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 a 'simple' program, hard as .... to understand
#1
Hi, I'm learning python and I went thru some code that was under the title 'simple python programs' and found this.

BOARD_SIZE = 8

def under_attack(col, queens):
   left = right = col

   for r, c in reversed(queens):
       left, right = left - 1, right + 1

       if c in (left, col, right):
           return True
   return False

def solve(n):
   if n == 0:
       return [[]]

   smaller_solutions = solve(n - 1)

   return [solution+[(n,i+1)]
       for i in xrange(BOARD_SIZE)
           for solution in smaller_solutions
               if not under_attack(i+1, solution)]
for answer in solve(BOARD_SIZE):
   print answer
It was my intention to read thru this and a few other programs to see if I could understand them, gain some insight into how python works. If I failed, I could use pyCharm debugger to walk thru each line step by step.

I have to say, even using the debugger, I find this code cryptic.
Is it just me? I'd like to know if experienced python coders can read this code and within a short time understand it.
It has what I'd term 'generator' terms, and these terms are embedded \ implicit. i.e.

Will I be expected to work with code like this in a junior level python job? Cos if I am, I think I'd better quit now and go back to C !

Didn't someone say 'explicit is best' ( with reference to declaring 'self' to be a parameter passed to itself in instance methods ) ? Python is the most implicit language I tried to learn, except prolog. But where prolog is all implicit, python seems to be a horribly confusing mix of implicit and explicit. Powerful I'm sure, but extremely hard to read.

its the 8 queens on a chess board problem, but knowing this I still couldn't understand it.
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#2
It's recursive, so let's start at the bottom of the recursion:

if n == 0:
    return [[]]
That will get returned to solve with n = 1 at this point:

smaller_solutions = solve(n - 1) # n - 1 = 0
Then we get to that horrible list comprehension that I think precludes showing this example to beginners:

return [solution + [(n, i + 1)] for i in xrange(BOARD_SIZE) for solution in smaller solutions if not under_attach(i + 1, solution)]
Let's simplify that with the values we know:

return [solution + [(1, i + 1)] for i in xrange(8) for solution in [[]] if not under_attack(i + 1, solution)]
Now, in the second for loop in the horrible list comprehension, we have only one item. So let's simplify that out as well:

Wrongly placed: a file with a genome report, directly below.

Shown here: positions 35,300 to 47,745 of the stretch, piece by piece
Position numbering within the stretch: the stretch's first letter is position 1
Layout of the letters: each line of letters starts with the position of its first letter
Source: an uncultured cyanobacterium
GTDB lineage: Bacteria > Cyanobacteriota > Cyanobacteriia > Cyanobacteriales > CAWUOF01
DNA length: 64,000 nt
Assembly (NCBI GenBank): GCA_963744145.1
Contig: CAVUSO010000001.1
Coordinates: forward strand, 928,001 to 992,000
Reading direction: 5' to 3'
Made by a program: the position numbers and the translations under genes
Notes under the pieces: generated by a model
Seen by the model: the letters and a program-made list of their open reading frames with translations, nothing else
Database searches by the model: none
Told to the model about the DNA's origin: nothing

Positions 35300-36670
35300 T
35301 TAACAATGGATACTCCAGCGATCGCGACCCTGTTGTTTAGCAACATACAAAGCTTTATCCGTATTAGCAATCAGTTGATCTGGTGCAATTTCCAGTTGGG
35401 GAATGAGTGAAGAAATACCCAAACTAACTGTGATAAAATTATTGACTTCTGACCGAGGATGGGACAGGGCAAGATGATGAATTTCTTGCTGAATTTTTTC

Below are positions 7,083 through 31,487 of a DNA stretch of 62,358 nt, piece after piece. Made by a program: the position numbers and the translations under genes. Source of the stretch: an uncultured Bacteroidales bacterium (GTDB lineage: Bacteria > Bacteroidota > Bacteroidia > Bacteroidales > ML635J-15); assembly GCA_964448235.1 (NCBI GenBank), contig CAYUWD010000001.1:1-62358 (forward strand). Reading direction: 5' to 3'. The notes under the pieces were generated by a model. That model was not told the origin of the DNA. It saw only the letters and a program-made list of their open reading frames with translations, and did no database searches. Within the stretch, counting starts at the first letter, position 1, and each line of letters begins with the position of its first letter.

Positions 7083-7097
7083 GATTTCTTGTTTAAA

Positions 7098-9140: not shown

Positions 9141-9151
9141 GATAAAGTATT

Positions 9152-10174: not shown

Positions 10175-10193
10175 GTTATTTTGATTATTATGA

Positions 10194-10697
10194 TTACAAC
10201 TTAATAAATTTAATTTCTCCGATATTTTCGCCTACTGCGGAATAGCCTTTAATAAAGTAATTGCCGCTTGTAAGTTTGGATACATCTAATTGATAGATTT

return [[] + [(1, i + 1)] for i in xrange(8) if not under_attack(i + 1, [])]
If we look at under_attack with an empty list for the queens parameter, we can see that the loop will not execute and it will always return False. That means that solve with n = 1 will return:

[(1, 1), (1, 2), (1, 3), (1, 4), (1, 5), (1, 6), (1, 7), (1, 8)]
So it starts out by putting a queen in each column of the first row. This is exactly why i sucks as a variable name. If i was instead col, it would be clearer that the program is iterating over columns.

So this will be returned to solve with n = 2 and passed to the horrible list comprehension. That will iterate over each queen in the first row, and figure out where we can place queens in the second row so that it does not attack the queen in the first row. Again, note the bad variable name n. If it was instead named row, which it was it represents, it would be clearer what is going on in the program.

This continues up the recursion chain, figuring out where in each row you place a queen such that it doesn't attack the previously placed queens. If there are no places to validly place a queen for a given sub-solution, that sub-solution does not get passed up to the next level of the recursion chain.

And, of course, if they'd bothered to put some comments in their code I wouldn't have to write this mess.
Mekire likes this post
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#3
Well, as a first program there are things that are not so simple.
After you have been programming for a while, yes it's quite simple.

I'd start with this post. Choose a tutorial and go from there

One I think is very well done is http://www.python-course.eu/python3_course.php
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#4
thanks, your analysis of the code has helped me understand it. I hadn't realised the code lines up 8 queens on the 1st rank. This makes it a bit easier to understand.

But before I fully go thru it again, at the moment I've got stuck on a problem I thought I'd sorted 2 days ago :
creating break points in pycharm.
Last time i was working with pycharm I could just click on the line number to create what I thought was a breakpoint, I think it was represented by a red or orange ball. It worked at the time.
Today that functionality has vanished. Can't point an click anymore. The pycharm online documents say to create breakpoints with 'ctrl F8' but when I hold this down on a selected line, nothing happens.

edit: ah, just posting about it here has made the difference.
in my previous language I'd click on an empty line and write in 'stop' to get the debugger to stop at that line.
In python its not possible to use an empty line a debugger breakpoint. It nuances like this that I spend alot of time on!
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